Track list:
Shop Talk
Funky On My Back
Your Good Thing
Understanding
I Can’t Stay
Too Many People

Cold Blood- Sisyphus (1970)

(This rip of Sisyphus is courtesy of Lisa Sinder at Ezhevika Fields, a blog that’s well worth a visit. My vinyl copy of the album is in pretty good shape, but the version Lisa shared is better. My thanks to her.)*

*Lisa seems to no longer be posting regularly, which is a shame. Note added and a few corrections made June 27, 2011.

A Baker’s Dozen From 1974, Vol. 3

June 20, 2011

Originally posted March 24, 2008

I tend to read more than one book at a time. No, I don’t have two books in two hands and flip my head back and forth from volume to volume. I mean that I almost always have more than one book in progress and move back and forth between those books, depending on mood and circumstance. Along with The Shield of Time (mentioned the other day), I’m currently reading biographies of Roberto Clemente and Richie Havens and a book titled The Beautiful Cigar Girl: Mary Rogers, Edgar Allan Poe and the Invention of Murder, an account of how a New York murder in 1841 became a public sensation from which – evidently – follow all of the public sensations created by the crimes that fascinate us. Daniel Stashower’s thesis seems to be – I’ve not read far into the book – that the furor and frenzy in Manhattan following the murder of Mary Rogers is the civic predecessor of modern-day public reaction to all the so-called “crimes of the century,” over which our culture hovers like some bloated, moralizing and baleful vulture (my words, not Stashower’s).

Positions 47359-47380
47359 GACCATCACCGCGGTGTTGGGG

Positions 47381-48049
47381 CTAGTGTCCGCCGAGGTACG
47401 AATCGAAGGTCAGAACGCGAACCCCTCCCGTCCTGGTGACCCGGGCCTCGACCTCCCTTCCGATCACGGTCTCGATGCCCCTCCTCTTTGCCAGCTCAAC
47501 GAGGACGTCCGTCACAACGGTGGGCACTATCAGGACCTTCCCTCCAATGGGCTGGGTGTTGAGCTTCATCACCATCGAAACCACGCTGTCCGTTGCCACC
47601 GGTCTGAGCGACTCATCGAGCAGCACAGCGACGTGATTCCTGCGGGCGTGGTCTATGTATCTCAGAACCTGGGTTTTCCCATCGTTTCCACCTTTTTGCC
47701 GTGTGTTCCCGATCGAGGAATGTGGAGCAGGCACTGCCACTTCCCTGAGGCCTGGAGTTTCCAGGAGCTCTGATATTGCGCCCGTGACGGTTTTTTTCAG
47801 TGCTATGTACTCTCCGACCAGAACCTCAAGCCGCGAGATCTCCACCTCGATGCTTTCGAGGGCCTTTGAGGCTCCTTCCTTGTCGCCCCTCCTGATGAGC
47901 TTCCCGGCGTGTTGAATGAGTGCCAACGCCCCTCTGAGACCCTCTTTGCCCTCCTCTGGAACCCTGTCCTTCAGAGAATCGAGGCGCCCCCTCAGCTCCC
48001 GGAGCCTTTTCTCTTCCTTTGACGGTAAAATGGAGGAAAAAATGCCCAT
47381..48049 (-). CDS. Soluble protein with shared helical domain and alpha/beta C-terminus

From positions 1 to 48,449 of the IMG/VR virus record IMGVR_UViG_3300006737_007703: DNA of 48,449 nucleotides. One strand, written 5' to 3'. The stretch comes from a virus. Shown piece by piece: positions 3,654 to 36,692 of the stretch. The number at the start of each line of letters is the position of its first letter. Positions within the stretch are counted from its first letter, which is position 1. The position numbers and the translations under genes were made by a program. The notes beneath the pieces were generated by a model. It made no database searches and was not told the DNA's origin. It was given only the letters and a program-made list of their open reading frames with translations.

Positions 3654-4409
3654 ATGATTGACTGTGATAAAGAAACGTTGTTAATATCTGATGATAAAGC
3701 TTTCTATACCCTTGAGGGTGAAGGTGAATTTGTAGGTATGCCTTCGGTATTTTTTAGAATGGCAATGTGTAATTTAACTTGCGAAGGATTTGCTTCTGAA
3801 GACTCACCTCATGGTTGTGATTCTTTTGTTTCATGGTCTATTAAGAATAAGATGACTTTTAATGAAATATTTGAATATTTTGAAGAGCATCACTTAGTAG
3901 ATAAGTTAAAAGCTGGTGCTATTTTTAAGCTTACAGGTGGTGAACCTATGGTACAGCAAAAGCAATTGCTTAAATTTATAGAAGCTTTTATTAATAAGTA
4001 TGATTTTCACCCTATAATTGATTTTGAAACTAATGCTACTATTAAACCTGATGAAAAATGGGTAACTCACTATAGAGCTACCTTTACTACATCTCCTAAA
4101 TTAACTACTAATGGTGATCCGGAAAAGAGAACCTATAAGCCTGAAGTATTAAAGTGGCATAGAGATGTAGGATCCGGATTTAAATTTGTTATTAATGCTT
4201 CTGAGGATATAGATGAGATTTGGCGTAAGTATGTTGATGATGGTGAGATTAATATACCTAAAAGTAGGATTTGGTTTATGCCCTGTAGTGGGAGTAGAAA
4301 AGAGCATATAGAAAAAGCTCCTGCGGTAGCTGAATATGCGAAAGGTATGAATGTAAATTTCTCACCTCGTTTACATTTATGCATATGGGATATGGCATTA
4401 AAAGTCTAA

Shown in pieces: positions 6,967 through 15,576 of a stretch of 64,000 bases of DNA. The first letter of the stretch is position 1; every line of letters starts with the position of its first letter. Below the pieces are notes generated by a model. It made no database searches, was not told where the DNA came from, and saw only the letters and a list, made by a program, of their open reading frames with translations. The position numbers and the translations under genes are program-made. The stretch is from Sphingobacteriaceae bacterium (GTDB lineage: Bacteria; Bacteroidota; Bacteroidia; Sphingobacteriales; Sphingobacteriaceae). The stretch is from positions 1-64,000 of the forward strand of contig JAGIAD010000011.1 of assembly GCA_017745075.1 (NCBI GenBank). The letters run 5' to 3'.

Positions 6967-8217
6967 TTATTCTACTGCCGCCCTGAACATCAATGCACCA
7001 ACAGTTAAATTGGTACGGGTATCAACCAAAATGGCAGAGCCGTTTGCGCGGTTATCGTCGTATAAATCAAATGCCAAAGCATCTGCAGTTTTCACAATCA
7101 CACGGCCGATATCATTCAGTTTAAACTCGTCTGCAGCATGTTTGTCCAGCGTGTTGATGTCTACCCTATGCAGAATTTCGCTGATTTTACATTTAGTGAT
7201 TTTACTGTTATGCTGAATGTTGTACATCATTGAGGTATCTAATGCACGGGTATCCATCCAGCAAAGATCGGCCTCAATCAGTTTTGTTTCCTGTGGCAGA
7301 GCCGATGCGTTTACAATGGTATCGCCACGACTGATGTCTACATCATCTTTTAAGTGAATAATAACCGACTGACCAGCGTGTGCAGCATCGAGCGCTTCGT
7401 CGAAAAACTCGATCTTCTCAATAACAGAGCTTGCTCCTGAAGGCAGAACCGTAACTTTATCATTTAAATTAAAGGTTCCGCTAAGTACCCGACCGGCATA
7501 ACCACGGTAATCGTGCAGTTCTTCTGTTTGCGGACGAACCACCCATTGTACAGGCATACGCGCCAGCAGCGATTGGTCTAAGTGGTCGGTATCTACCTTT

As fascinating as that is, the book I’m moving through quicker than any other right now is Boom!, the look back at the Sixties written by former NBC newsman Tom Brokaw. Somewhere along the line, I said that the cultural whirlwind that we call the Sixties began with the assassination of President John F. Kennedy in 1963 and ended with the fall of Saigon in 1975. Brokaw considers the Sixties closed with the resignation of President Richard Nixon in 1974, which is a reasonable stopping place. And his thesis, like that of many who have written before him, is that the Sixties are not really finished; they echo in today’s events and attitudes. (Though Brokaw’s thesis is not new, his book shines as a result of his clear and concise prose as well as the access he had to so many of the participants in the events under consideration.)

Indeed, if one wanted a confirmation that the events of the cultural era we call the Sixties have not gone away, all one needed to do was look at the front page of the Minneapolis StarTribune Saturday and today. The first of those stories noted that Sara Jane Olson of St. Paul had been released from a California prison after serving about six years for crimes committed in 1975 – a bank robbery that included a murder, and an attempt to bomb two police cars. The second story – today’s – reported that California authorities discovered that they had calculated Olson’s sentence incorrectly and she still has about a year to serve.